I'm reading a paper On the Torsion Jacquet-Langlands correspondence by Akshay Venkatesh and Frank Calegari.

Truthfully speaking I have no idea what Jacquet-Landlands is. I'm just trying to understand why there are knots in a paper on algebraic number theory and some of the players involved in that paper.

To keep matters simple, how do we pass between number fields and 3-manifolds and why is this beneficial? Poking around this paper, I find a version of the congruence groups: $$\Gamma_0(\mathfrak{n}) = \left\{ \left( \begin{array}{cc} a & b \\ c & d\end{array} \right) : \mathfrak{n}\big|\, c\right\} \subset PGL_2(\mathbf{O}_F)$$

where $\mathbf{O}_F$ is an order of a number field. We get a 3-manifold by quotienting hyperbolic 3-space: $\mathbb{H}^3/\Gamma_0(\mathfrak{n})$. Apparently, there's also another similar way to do it with quaternions.

They then proceed to look at look at some group-cohomology invariants of the group and then they use some spectral theory and the rest of paper mostly goes over my head. Well... we do get this:

However, along the way, we took many detours to explore related phenomena, some of which was inspired by the data computed for the first author by Nathan Dunfield. In view of the almost complete lack of rigorous understanding of torsion for (nonHermitian) locally symmetric spaces, we have included many of these results, even when what we can prove is rather modest.

The take-home message seems to be that we have constructed a large collection of infinite groups and actions on low-dimensional spaces of interest number theorists. Arithmetic lattices look like they play an important role.

I guess I'm trying to understand better how this connection between knots and number fields works and how Calegari and Venkatesh are using it to get a handle of the many invariants (which I may save for later questions).

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    $\begingroup$ Although I'm not familiar with the paper you're reading, I can point you at Machlachlan-Reid's excellent book "The arithmetic of hyperbolic 3-manifolds" as a possible starting point. $\endgroup$
    – Katie Mann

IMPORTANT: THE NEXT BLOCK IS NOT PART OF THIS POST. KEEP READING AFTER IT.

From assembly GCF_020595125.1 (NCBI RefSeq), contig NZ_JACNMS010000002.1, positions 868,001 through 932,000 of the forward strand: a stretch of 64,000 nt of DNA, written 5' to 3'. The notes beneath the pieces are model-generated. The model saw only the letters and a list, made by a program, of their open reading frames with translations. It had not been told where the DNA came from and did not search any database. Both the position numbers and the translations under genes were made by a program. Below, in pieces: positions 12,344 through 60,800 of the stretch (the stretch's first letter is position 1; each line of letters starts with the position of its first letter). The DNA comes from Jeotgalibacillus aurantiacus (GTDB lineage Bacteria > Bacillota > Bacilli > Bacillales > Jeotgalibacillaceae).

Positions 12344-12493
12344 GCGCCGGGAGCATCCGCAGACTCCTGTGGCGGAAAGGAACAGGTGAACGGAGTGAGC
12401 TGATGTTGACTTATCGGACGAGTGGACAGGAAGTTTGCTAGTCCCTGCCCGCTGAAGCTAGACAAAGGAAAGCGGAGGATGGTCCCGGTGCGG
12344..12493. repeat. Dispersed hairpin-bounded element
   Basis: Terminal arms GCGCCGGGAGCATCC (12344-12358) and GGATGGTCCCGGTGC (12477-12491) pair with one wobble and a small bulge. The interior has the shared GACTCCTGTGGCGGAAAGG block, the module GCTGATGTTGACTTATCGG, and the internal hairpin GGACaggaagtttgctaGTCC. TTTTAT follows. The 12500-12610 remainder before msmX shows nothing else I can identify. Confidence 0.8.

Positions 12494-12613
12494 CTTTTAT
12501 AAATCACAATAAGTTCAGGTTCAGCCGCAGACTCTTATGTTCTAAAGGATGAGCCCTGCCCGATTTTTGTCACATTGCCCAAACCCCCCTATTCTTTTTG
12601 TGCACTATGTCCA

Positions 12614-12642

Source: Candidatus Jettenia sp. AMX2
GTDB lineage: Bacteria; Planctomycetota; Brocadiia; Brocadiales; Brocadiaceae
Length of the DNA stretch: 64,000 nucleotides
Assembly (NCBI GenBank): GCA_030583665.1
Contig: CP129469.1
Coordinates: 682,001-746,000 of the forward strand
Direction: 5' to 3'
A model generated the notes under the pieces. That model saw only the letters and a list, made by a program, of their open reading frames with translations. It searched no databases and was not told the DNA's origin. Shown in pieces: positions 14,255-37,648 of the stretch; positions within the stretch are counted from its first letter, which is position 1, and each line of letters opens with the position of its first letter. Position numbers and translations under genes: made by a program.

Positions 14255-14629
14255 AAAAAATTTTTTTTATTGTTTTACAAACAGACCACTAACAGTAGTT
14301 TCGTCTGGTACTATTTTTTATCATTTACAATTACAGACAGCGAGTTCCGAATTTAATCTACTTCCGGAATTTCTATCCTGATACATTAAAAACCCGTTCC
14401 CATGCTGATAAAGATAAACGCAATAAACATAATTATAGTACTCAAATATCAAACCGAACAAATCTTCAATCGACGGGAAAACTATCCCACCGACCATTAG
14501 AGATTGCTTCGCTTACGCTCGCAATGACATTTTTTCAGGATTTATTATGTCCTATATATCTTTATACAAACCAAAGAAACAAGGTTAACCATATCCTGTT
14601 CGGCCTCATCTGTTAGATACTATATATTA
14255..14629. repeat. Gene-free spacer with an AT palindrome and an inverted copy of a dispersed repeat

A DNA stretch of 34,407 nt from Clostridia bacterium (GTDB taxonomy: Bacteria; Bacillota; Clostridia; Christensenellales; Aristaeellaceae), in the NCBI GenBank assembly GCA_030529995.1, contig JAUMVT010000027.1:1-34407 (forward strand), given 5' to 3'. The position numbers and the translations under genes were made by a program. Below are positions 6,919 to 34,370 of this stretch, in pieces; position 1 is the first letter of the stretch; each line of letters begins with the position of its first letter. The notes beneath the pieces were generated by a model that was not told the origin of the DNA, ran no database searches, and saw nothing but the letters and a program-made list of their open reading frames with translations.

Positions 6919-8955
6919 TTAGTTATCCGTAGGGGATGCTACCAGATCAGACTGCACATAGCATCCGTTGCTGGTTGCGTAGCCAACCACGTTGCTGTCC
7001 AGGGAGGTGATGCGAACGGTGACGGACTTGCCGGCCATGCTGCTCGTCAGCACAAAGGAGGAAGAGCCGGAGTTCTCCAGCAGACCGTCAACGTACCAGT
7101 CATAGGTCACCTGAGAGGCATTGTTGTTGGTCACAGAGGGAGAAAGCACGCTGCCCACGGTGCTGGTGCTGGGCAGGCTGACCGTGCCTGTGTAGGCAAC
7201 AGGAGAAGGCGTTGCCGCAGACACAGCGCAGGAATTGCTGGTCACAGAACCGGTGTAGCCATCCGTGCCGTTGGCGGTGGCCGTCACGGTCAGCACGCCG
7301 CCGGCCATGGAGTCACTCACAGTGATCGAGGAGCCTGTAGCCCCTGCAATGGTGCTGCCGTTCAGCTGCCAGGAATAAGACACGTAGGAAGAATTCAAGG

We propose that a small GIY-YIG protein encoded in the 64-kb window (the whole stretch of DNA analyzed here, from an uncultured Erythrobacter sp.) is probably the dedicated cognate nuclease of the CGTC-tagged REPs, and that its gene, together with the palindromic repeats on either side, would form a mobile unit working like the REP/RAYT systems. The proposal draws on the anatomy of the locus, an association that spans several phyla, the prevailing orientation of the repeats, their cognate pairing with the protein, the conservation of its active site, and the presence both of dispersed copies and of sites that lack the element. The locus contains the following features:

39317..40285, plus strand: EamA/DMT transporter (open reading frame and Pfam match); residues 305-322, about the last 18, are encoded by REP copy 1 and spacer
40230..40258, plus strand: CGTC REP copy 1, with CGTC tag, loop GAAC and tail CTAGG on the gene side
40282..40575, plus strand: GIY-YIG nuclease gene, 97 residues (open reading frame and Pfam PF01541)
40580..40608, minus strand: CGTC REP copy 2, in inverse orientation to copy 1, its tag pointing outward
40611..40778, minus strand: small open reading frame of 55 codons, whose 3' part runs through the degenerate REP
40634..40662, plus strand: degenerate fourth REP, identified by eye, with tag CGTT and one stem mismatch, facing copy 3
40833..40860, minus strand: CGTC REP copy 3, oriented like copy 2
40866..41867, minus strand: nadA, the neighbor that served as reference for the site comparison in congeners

May 14, 2013 at 21:38
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    $\begingroup$ clearly that is the book on this topic. I have to find it in a library or buy it... I don't know if my question is clear or specific enough to get an answer other than "goto Machlachlan-Reid" $\endgroup$ May 14, 2013 at 22:08
  • $\begingroup$ "Readying a paper"? To what end? For kindling? If so, a 250 page paper seems like a good choice. $\endgroup$ May 17, 2013 at 7:33
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    $\begingroup$ Mr Sausage, or Mr Roll. The typo is fixed. Thank you. $\endgroup$ May 17, 2013 at 20:30
  • $\begingroup$ @John Mangual, Frictionless Jellyfish's answer seems excellent to me, so your unacceptance seems strange. I notice you are at UCSB. There are some experts in arithmetic hyperbolic 3-manifolds there - Darren Long, for instance. If you want to know more, you could try asking him. $\endgroup$
    – HJRW
    Jun 28, 2013 at 9:06

1 Answer 1


I think that the connection between knots and number fields you may be imagining from reading that paper is rather specious. It's a theorem of Alan Reid that the only arithmetic hyperbolic knot complement is the figure eight knot complement. More generally, only finitely many Bianchi groups may admit covers which are link complements; this follows from non-vanishing results concerning the interior cohomology of such manifolds (for large enough discriminant, there are interior cohomology classes coming either from quadratic base change if you are a number theorist or from totally geodesic surfaces fixed by complex conjugation if you are a topologist).